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Local businesses struggle to cope with increased minimum wage

By Rachel Bell  [1]

BELLEVILLE – The minimum wage was recently increased in Ontario from $11.60 to $14, creating difficulties for local business owners.

A local pharmacist, who spoke on condition that neither he nor his pharmacy be identified, says his business could not continue to be successful without making changes to accommodate the new higher hourly wage.

He has already laid off three people, he said.

“The second thing I’ve done, I started at the end of last year, is cut my business hours. So instead of Saturday opening 9-7, I’ve cut it to 9-5, and on Sunday instead of having the business open 10-6, I’ve cut it from 11-5.”

He also had to take away his employees’ health benefits [2], he said.

“I had a private health plan that I was paying for, for my staff. I was paying for everything, so they had benefits in a private plan, and I had to cancel that.”

The pharmacy has also increased its prices.

“I have to increase the sales in my drugstore $5,000 a week” to cover the increase in payroll costs, the pharmacist said. “Well, how can I do that? It’s a steady, slow business. The only way I can do that is to increase the price of the product to increase revenue. Let’s say I have a bottle of medicine that is $10. (With the minimum-wage increase of a little over 20 per cent), I’m going to increase that bottle over the counter to the consumer from $10 to $12.”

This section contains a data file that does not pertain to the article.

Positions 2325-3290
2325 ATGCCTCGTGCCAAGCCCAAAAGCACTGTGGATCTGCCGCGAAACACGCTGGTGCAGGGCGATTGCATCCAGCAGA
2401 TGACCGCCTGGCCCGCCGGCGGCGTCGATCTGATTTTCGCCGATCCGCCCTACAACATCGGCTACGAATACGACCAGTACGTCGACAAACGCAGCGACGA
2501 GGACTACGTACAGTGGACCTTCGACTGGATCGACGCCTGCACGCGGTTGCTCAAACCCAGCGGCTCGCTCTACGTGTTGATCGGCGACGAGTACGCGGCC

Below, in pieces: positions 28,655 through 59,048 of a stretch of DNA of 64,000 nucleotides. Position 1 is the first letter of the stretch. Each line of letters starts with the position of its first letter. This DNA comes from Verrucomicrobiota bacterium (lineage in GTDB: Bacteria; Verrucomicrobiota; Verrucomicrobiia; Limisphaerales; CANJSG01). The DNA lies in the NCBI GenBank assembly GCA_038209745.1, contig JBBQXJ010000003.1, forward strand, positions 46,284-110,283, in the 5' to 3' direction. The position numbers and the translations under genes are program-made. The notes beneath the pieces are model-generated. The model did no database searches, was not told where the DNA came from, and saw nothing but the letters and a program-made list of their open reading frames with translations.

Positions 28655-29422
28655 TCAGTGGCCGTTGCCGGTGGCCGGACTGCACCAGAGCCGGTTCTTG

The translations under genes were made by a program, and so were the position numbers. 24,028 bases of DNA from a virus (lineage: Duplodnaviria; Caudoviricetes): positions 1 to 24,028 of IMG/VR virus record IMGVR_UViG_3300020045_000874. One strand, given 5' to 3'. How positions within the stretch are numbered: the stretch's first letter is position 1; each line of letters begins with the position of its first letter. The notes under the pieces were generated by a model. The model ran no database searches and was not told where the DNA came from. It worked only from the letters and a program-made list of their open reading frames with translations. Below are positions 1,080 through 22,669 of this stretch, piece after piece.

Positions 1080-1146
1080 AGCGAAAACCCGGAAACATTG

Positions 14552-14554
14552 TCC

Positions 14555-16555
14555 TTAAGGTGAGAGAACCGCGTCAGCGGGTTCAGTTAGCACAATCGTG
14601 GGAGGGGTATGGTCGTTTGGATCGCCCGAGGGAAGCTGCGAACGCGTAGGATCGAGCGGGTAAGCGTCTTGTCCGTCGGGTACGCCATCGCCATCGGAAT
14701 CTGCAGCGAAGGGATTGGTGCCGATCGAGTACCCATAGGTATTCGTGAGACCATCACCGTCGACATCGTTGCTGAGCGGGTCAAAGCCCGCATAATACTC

Jeffrey Camacho, manager at the Burger Revolution [3] restaurant in Belleville, also said he has had to increase his prices.

“In the new year with (the minimum wage) going up and our meat prices going up too, we had to increase. How we do it is by the menu (prices), and we’ve increased it a little just to accommodate minimum wage and food prices.”

Photo by Rachel Bell, QNet News

The restaurant has nine employees, and although Camacho was able to keep his employees’ hours the same, he said he feels that the minimum wage increased rather quickly.

“I don’t agree with how it went up so fast. It could have been a gradual increase – $11.60 to $14 was kind of hard for us to figure out.”

Even larger chains are being affected by the increase.

On the windows of their restaurants, Little Caesars has posted the following sign:

This chart shows the changes in minimum wage, and how quickly Ontario jumped from an hourly wage of $11.60 to $14.

With files from the Bank of Canada